Saturday, December 10, 2011

18 Year Old Aspies, "Adults" in the Real World

This is a repost from my WordPress blog of the same name, dated July 15, 2009. (For all of my posts before 4/23/10 you can go there.) I have chosen to reprint  it at this time, because my baby, CM2, having turned 18 was required to register  with the selective service. This is something we, parents of boys, need to remember. Our sons, if they ever hope to qualify for any future assistance whether  medicaid, social security benefits, or a college student loan, are required, within one month of their 18th birthdays, to register for the draft.

Honestly, CM2 was quite hesitant. He didn't really want to do it but I explained the law to him and he of course relented. I also told him that he has nothing to really worry about since he has aspergers and is on lots of medication, the armed services would not take him. (At least at present. That part, of course, I kept to myself. No need to assault the OCD and make him worry about something that may never ever happen.) "Phshew," he said, and went on about his business. Honestly I think the boys have enough to deal with on a daily basis when facing a neurotypical world with a nonneurotypical brain. They will find other ways to serve their country, one in which they will flourish and be able to provide the best of themselves.


Believe me when I say we honor those who choose to serve this nation through the armed services. We honor their bravery, their fortitude and their adherence to duty, honor and country. We honor their families for the service they give to this nation as well.  Meanwhile, if you want to support those who serve this holiday season please give to:
USO
Wounded Warrior Project
Soldier's Angels
Tragedy Assistance Program for Survivors
(If you prefer other organizations that serve our military families, please put it in the comment section.)

Additionally, there seems to be an inordinately high number of offspring of our soldiers who have an autism spectrum disorder.The following are organizations that serve military families with autistic children:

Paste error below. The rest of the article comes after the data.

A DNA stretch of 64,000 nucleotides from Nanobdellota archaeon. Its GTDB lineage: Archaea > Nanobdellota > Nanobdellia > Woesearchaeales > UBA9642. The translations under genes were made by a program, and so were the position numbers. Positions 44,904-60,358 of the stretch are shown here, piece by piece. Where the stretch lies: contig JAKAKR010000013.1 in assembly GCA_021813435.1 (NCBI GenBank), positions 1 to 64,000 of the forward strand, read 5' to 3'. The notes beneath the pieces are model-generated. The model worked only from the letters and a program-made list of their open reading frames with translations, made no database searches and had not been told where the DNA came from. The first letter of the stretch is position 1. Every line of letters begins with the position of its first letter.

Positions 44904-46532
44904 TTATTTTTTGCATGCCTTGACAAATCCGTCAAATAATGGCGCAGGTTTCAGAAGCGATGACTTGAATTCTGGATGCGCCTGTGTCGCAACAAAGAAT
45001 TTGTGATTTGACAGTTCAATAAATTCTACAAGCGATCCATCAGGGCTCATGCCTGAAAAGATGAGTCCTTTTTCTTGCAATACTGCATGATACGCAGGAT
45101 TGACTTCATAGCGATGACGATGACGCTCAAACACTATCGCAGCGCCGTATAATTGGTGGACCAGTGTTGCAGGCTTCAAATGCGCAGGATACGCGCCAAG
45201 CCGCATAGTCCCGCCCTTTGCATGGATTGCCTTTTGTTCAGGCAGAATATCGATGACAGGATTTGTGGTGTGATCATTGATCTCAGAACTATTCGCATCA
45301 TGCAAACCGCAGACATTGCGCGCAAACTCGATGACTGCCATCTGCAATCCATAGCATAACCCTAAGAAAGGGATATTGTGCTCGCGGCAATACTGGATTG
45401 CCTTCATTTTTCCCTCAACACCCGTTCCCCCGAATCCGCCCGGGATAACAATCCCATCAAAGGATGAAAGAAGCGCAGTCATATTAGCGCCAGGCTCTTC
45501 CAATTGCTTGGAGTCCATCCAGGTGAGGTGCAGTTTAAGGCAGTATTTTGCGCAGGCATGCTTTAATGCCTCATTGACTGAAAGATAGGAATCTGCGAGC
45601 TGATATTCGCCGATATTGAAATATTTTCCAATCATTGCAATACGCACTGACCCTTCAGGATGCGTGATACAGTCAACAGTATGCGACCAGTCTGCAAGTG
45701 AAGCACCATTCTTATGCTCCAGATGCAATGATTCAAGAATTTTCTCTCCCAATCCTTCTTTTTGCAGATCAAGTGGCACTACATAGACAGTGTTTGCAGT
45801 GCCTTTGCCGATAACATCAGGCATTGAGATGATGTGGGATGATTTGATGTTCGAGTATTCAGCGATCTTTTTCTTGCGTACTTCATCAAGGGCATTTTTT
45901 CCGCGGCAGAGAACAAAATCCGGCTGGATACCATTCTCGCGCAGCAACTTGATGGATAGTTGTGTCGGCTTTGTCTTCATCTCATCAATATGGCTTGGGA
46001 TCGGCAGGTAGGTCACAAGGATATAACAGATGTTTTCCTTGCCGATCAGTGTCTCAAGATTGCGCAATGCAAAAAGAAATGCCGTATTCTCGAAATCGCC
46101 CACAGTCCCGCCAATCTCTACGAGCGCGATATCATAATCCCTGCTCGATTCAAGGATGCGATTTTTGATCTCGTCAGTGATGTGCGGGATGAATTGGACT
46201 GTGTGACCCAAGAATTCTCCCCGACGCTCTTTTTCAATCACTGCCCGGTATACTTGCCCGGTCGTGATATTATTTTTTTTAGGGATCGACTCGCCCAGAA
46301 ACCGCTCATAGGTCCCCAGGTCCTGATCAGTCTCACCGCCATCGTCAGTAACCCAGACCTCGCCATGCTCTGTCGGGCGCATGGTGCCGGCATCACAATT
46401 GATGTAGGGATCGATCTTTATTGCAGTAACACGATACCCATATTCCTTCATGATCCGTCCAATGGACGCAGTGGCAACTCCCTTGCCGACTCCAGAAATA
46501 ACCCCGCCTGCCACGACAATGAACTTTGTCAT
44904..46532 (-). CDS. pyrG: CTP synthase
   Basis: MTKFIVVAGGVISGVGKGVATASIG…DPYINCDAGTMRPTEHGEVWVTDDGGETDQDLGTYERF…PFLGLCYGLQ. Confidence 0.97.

ACT Today for Military Families 
STOMP- Specialized Training for Military Families 
SAMHSA
(If you know of any other organizations that serve military families with autistic children please put it in the comments.)

Another truly terrific organization, that serves the entire community, is the Marine Corp Toys for Tots. 

*****

For all those who serve this holiday season:

May God bless you and keep you. May he shine his coutnenance upon you. May he bring you peace...but most improtantly may he bring you home, safe and sound into the arms of your loved ones.

******

I have to admit that I had the hardest time trying to decide what this latest blog was going to be about. Not that there weren’t many issues to discuss, but quite frankly most of the issues were just repeats of the same old same old. Then I had an interesing converstion with my girlfriend who lives in another state, in a far away part of the country. We were discussing this absolute need of our 18 year old childen to remind us that they are now adults, and that they can make their own decisions.

Ok, ok, they are 18 years old. Technically they are adults. Technically they can sign contracts,get married, pay taxes, buy a gun in most states, vote in elections for president  and go off to war and die for their country. The only they really can’t do is buy a beer. Now I can’t be  the only one who sees the convuluted inanity in that scenerio. However, I digress. So technically our children are adults. But they are adults with aspergers syndrome, which means they still behave and reason like persons much younger than themselves.